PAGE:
The "secret" map was published in a Kuwaiti newspaper, as if it
were a twist in the plot of a Tom Clancy thriller.
It showed Iran marked with 19 targets: one for every US
serviceman killed in the June 1996 bombing in Saudi Arabia. It was
said to be the work of American commanders seeking retaliation, and
it came amid a flurry of reports that US plans for a counterstrike
against Iran for sponsoring extremism were "well advanced."
No hard evidence linking Iran to the Saudi blast has yet been
revealed, but in light of President Clinton's vows to punish the
culprits, the map was taken seriously here - and in Tehran.
Though dismissed as ludicrous by senior US diplomats, the
December report caused Kuwait's stock exchange to tumble as the
Gulf braced, again, for war.
"It's very dangerous stuff," warns Mohammed al-Rumaihi, editor
of Al-Arabi magazine. "This doesn't matter to people in Washington
or Seattle. But it is very important for people here."
Then the tension passed as quickly as it had risen, another
example of how the Middle East is riddled with political minefields
that can spark military action.
The heavy US military presence in the Gulf, for example,
operates under a barrage of threats. As two bomb attacks within a
year in Saudi Arabia attest, it often draws angry opposition in
Gulf states because, besides providing "protection," it is seen to
prop up despotic pro-West rulers.
Such triggers are many, and mix new threats with established
flash points and fault lines. Civil wars in some countries are as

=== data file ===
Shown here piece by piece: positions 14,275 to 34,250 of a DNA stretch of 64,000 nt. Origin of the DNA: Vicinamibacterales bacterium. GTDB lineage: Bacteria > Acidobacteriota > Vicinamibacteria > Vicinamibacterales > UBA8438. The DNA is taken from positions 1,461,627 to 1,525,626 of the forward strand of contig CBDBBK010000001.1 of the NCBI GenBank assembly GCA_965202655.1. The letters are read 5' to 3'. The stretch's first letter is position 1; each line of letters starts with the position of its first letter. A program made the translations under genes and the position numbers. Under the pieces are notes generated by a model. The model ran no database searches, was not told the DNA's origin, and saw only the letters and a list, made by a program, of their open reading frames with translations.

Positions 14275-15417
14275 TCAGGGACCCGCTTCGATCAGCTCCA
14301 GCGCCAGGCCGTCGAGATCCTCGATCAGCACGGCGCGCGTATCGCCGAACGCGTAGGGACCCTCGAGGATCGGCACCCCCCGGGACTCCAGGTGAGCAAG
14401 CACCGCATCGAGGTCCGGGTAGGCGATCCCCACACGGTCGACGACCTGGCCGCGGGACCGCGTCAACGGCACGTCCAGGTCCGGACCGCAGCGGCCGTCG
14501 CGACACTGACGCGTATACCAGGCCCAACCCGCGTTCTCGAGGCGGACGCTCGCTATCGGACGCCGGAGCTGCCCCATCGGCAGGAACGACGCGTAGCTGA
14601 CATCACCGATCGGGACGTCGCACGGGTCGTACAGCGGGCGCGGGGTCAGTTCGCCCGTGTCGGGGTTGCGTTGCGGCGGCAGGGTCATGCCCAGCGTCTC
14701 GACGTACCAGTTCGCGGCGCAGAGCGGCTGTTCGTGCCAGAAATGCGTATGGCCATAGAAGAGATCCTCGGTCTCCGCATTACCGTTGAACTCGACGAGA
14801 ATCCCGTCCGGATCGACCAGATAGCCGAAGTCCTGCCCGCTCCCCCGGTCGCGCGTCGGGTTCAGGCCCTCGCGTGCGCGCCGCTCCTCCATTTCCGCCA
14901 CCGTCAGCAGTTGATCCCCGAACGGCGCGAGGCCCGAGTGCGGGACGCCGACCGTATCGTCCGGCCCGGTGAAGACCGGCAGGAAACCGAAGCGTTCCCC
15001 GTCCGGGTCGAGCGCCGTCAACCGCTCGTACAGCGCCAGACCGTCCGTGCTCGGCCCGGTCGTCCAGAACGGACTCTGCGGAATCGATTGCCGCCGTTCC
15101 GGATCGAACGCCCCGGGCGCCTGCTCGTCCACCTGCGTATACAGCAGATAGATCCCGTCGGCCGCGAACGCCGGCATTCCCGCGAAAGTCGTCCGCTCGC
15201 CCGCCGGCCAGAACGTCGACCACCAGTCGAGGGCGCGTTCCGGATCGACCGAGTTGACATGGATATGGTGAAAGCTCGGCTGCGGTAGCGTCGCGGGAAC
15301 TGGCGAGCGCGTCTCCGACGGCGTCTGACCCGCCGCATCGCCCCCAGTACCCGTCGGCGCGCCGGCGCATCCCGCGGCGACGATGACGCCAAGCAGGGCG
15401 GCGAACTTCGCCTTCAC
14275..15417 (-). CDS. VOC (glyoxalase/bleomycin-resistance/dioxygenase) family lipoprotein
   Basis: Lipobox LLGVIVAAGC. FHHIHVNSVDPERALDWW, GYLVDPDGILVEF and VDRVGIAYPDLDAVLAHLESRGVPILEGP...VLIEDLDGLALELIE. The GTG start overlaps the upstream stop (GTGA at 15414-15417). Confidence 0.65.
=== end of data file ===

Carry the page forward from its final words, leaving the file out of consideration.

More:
likely as cross-border ones.
If any lesson of caution is to be drawn from the region's bloody
past, it must reflect Newton's third law of motion: For every
action, there is an equal and opposite reaction.
"Although we have passed the era of the cold war, the era of
force and power, we are in an area that has not realized that,"
says Abdul-Reda Assiri, a political scientist at Kuwait University.
The result is that even a fake map of US targets in Iran,
planted at a volatile moment, has the potential to cause disaster.
The 1990-91 Gulf War itself left a lot of "unfinished business"
between Iraq and Kuwait, analysts say. Iran is also a growing
concern. And Arab and Persian leaders still lend credence to
"Zionist conspiracies" about Israel, and are suspicious of the
growing US hegemony in their neighborhood.
But the collapse of the Arab-Israeli peace process tops the list
of dangers. In the year since right-wing Prime Minister Benjamin
Netanyahu took power, the trust between Israeli and Palestinian
leaders that had been emerging has disappeared.
US Ambassador to Israel Martin Indyk has said that the "core
bargain" of the 1993 Oslo accords has "broken down."
"Netanyahu's rhetoric is full of visions in which the whole
world 'adapts itself' to Israeli determinations," wrote former
Foreign Minister Abba Eban in the Jerusalem Post last month. "The
trouble with these formulations is that they do not require Israel
to adapt itself to any principle of regional compromise."
This disintegration in the peace process has also revealed
divisions in Israeli society. Army chief of staff Amnon Shahak told
an Israeli newspaper recently that neither the diminishing
reputation of Israeli forces, nor Syria's buildup of missiles and
chemical weapons, was his principal worry. …